The librarians all seemed very proud of their libraries and the spaces were very neat and orderly at the time we visited
Additionally, the decorations in each library were fantastic, particularly in Koumbia with the paintings from a local artist and large masks. There were also abundant homemade decorations that Dounko taught us how to make. Hopefully we can make some of these with the kids in Ghana when we return.
As for library activities, we had the opportunity to take part in and listen to a few. The children really seemed to like the contes we heard from both the librarians and Dounko at Karaba and Dimikuy. Dounko is super animated in storytelling, and he should keep it up. It was great to see how much the kids loved him. We liked that Burkina has an "animateur"/activities coordinator whose sole responsibility is to run activities at the libraries. A big personality like Dounko's seems to be a good way to attract children to the library. The librarians themselves were a bit less animated in their story telling, but still elicited a good reaction from the kids. We also enjoyed hearing the riddles or "devinettes" and seeing games such as alphabet hopscotch (hop on a letter and say a word that starts with that letter). At Boni and Dimikuy, we were able to teach the children and librarians the Hokey Pokey (or "Hougie Bougie") en Francais! They seemed to like it a lot.
We were very impressed with the reading level and comprehension of the students present at Douhoun library's activities. They seemed well beyond anything we've encountered for that age group in Ghana (CM1 or 2 level). However upon further reflection and conversations with Charley, this has not been experienced by other visitors to the libraries. It was a very small group of students, and we're not sure how anomalous this was but we were surely impressed.
The libraries in Burkina Faso were open about 20 hrs per week and often had two librarians or assistants sharing the responsibility. This is very different from the system in Ghana, but it appears to work well for the libraries in Burkina. It is clear they are able to accomplish a lot even with this small amount of time.
There was a large ratio of adult to children's books at the libraries. Again, in contrast, the opposite tends to be true in the Ghanaian libraries. We imagine there may be less French children's material available in general?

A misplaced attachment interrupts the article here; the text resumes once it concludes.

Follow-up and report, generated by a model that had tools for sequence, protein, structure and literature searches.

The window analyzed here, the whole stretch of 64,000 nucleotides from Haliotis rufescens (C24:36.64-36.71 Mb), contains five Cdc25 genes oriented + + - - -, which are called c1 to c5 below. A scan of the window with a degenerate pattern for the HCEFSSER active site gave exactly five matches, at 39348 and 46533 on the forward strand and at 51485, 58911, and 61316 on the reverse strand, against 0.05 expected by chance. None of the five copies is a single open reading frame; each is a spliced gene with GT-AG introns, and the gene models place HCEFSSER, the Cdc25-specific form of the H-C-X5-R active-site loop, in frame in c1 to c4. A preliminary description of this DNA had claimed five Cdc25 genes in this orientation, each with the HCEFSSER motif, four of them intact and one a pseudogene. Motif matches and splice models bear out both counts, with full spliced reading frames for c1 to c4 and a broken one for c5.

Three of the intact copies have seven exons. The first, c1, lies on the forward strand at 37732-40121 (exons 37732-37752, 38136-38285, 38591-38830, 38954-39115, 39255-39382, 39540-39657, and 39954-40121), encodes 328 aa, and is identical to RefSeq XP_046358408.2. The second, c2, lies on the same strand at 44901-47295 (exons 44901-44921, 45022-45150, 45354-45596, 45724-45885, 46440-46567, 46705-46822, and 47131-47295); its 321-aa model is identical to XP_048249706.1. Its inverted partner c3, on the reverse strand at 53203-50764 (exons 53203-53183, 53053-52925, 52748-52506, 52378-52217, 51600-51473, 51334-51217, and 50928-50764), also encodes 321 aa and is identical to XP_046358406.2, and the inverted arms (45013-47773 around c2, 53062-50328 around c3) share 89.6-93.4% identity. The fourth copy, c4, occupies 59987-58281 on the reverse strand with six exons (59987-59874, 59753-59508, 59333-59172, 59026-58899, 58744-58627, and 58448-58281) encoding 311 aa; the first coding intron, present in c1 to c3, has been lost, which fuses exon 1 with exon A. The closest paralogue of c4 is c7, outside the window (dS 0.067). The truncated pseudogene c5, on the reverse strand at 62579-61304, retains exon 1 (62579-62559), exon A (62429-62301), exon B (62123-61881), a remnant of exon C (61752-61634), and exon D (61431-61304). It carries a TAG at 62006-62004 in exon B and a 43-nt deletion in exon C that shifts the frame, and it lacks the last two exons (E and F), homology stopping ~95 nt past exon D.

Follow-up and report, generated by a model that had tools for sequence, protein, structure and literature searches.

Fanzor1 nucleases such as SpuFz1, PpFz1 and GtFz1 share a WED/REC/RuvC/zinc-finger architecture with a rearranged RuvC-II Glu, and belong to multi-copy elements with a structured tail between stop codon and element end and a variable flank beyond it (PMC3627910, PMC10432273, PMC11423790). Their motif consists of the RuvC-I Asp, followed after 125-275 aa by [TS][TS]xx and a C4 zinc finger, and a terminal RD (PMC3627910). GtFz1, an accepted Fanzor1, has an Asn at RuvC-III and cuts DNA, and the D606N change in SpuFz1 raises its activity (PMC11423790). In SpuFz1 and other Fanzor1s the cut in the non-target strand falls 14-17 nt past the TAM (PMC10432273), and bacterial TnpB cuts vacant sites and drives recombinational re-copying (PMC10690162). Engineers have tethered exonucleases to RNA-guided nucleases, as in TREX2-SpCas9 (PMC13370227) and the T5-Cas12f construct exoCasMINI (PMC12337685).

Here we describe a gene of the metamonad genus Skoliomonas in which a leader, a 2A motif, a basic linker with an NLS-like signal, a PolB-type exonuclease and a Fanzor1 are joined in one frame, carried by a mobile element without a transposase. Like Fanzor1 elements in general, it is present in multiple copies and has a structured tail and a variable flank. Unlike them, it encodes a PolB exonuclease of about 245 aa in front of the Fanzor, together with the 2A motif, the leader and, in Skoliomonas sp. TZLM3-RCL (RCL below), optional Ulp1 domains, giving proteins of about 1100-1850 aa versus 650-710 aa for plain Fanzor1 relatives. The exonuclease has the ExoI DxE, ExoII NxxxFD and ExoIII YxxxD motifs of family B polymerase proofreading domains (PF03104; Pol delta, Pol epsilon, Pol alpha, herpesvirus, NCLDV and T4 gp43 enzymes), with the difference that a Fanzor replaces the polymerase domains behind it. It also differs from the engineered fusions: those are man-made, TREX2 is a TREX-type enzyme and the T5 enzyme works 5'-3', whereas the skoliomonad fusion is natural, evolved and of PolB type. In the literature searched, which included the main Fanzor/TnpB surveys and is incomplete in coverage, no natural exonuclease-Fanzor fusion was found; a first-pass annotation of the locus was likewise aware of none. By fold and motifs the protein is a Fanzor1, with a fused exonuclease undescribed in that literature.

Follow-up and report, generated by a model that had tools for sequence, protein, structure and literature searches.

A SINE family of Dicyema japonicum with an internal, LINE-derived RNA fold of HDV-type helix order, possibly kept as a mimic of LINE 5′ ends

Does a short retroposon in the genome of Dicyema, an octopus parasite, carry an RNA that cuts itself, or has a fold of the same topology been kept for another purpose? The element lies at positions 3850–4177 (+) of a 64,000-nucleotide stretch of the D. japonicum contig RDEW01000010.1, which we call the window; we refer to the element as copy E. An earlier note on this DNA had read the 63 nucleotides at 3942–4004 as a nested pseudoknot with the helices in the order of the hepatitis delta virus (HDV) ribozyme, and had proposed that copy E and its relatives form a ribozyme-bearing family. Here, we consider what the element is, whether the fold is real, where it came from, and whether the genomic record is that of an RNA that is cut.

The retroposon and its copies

We've been thinking about a lot of new ideas for activities to do with various age groups that will be different from the reading strategies taught in the summer camps. We're looking to organize two-week after school mini-camps with 4th-graders that will focus on the mechanics of reading words (phonics, pronunciation, syllables, etc) so that they will have a solid foundation for learning the comprehension skills that come later. We do have a lot of constraints that we need to work around in organizing these camps though - for example, our number one priority right now is doing inventory at all three libraries, a process which takes 2-3 days per library. We also need to renew our visas before the end of the month, so we are planning a trip to Burkina Faso for the 3rd week in March to visit some of the libraries there. So right now, we are looking to start up three evening programs with 5th graders, 6th graders, and 7th graders, respectively. We hope to combine reading activities, word games and puzzles, arts and crafts, phonics, creative thinking activities, and writing in these classes. We have so many ideas and not nearly enough time to do them all! We also need to figure out a way to recruit students for these activities - we were originally planning to visit the schools and talk to the headmasters and teachers, but it seems the teachers will be staging a protest on Tuesday, and it remains to be seen whether they will commit to a long-term strike over wages, benefits, etc. I'm having flashbacks to my time volunteering in Santiago, when I showed up for three weeks to volunteer at a high school, only to find the students and/or teachers on strike.
OK here's the real deal: The theme of Mines is how tenuous life can be on the outside, from an objective point of view. But the underneath that tenuousness, inside it, in the heart, lies a rich commentary, a detailed and sharp monologue, a fine intelligence. By the end of the story, a prison guard is our friend for life, because we appreciate how she retains her humanity, her dignity, through her struggles.
We're both doing very well, adjusting to life in Sumbrungu and working on our Frafra. We have already set dates for doing inventory at all of the libraries and initiated the book club with the librarians for "Wife of the Gods".